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Dr. Cable: That is an effective coda to this part of the debate and I shall leave it at that. May I move on to two areas that are specific responsibilities of the Department of Trade and Industry?

Mr. Peter Snape (West Bromwich, East): Will the hon. Gentleman give way before he moves on?

Dr. Cable: Happily.

Mr. Snape: Does the hon. Gentleman accept that, for 30 years until the mid-1990s, Britain's exchange rate--compared with those of virtually the rest of the world--continued to decline, yet this country's manufacturing industry also sadly continued to decline? He is long on problems, like most of his party. Has he any solutions?

Dr. Cable: The hon. Gentleman has totally missed the point about history. Of course the exchange rate declined, but British inflation was relatively high. The real exchange rate, which is what matters for competitiveness, was uncompetitive for much of that time, as he knows perfectly well.

Let me move on to the two issues that concern the DTI. One is the European Commission. The Government have argued that the apparent or prospective failure of the bid was not central to BMW's decision, but there are important issues here. This country has been remarkably conceited about European policy on state aids. There is a

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widespread belief, which has been echoed in interventions from around the Chamber, that our manufacturers observe the rules and the rest of the European Union does not. Over the years, Governments of both parties have clamoured for a state aids regime that is honest and tough, and a Commissioner who reflects those values. In this context, it is abundantly clear that Mr. Monti is both and he is exercising his toughness by casting a beady eye over the application.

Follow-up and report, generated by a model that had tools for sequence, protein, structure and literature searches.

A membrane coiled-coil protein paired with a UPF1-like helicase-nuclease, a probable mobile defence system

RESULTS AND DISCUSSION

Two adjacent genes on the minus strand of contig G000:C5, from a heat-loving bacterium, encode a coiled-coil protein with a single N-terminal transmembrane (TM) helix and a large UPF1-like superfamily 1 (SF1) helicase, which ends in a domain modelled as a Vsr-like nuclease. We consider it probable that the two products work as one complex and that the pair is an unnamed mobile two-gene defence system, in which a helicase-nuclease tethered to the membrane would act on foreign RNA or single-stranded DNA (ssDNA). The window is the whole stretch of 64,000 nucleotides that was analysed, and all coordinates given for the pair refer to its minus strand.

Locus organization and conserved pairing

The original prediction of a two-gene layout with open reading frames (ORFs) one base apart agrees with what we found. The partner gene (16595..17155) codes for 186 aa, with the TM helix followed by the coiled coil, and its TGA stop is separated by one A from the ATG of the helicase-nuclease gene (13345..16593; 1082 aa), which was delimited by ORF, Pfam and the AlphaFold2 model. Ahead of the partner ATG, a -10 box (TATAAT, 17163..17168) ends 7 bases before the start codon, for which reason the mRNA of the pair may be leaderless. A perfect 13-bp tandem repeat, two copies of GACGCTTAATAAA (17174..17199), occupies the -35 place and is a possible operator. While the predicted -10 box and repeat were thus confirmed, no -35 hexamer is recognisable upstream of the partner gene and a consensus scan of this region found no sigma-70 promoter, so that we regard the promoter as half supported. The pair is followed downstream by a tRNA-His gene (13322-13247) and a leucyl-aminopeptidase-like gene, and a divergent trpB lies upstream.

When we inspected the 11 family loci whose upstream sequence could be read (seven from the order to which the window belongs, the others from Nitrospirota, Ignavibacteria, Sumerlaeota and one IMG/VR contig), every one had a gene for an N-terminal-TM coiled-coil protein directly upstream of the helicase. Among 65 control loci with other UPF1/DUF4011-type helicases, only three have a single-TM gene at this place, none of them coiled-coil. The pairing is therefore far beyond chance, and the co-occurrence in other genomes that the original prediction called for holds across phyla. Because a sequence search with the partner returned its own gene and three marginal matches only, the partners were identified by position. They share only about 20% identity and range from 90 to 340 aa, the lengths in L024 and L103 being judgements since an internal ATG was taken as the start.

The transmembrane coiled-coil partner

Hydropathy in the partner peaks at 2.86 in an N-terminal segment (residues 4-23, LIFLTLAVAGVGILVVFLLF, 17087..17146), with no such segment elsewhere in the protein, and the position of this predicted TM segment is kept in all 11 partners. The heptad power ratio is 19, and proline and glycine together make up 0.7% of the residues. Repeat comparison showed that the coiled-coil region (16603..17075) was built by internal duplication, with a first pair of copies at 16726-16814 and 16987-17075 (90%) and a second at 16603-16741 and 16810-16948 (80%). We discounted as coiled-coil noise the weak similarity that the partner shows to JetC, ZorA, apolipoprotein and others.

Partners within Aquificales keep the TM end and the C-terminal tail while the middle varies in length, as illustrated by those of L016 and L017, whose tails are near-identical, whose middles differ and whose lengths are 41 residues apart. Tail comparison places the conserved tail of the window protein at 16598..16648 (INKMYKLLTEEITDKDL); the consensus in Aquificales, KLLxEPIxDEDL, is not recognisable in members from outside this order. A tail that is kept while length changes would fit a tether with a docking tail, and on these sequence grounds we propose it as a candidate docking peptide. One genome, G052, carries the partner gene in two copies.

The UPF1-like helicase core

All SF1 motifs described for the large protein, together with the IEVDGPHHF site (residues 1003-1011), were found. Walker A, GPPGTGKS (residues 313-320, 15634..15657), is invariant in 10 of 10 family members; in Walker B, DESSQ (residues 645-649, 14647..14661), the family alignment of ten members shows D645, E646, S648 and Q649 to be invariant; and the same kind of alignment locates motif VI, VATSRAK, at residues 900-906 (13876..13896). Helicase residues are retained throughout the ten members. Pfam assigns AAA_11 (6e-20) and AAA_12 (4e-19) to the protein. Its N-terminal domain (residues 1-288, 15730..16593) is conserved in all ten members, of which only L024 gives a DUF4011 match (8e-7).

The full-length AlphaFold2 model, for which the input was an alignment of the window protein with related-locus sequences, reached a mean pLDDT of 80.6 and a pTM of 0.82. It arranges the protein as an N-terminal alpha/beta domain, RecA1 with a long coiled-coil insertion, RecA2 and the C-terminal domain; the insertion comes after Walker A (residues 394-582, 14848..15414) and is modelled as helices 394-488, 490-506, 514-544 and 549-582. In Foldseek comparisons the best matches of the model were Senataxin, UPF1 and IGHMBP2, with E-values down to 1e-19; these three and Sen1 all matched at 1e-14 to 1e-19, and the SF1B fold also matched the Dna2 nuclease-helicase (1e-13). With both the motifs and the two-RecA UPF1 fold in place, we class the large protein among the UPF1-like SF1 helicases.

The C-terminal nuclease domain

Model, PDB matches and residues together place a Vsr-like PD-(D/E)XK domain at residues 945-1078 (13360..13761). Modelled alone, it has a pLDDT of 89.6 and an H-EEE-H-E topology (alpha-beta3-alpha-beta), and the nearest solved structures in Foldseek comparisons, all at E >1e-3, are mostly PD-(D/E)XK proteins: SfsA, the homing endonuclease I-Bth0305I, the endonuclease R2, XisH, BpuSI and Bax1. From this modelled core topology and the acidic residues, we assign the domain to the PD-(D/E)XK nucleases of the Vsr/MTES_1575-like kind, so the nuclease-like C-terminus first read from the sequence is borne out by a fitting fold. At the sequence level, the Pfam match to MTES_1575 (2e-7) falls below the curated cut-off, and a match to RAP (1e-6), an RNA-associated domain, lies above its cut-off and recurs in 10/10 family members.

I draw that point out again because in an Adjournment debate two months ago I was censured by a Minister for questioning the validity of the argument about the Hungarian migration. I was told that that was scaremongering and a dangerous line of argument that would imperil this crucial state aid application. We need to register clearly that whatever comes out of this, the European Commission has handled the episode entirely correctly and in the way that any British Government would expect of a commission concerned with stamping out damaging state aids.

The hon. Member for Tiverton and Honiton raised, in a partially correct way, the issue of DTI responsibility and the relationship with the Competition Commission inquiry into car prices. She was correct that there is a problem of joined-up government. The Government, for good reasons, embarked on an exercise to protect consumers. It is becoming clearer, as time passes and prices are more transparent, that car prices in Britain are significantly higher than in Europe, which is wrong, and that monopoly profit has been earned somewhere along the chain.

It may or may not be true that that depressed car sales last year. It is true that, when a competitive market for cars is introduced, a substantial profit margin will be taken from somewhere else. Some of that profit margin will be taken from many British companies that purchase company vehicles on the cheap, but a large part will be taken from the profit margins of the car industry, which has benefited from that regime.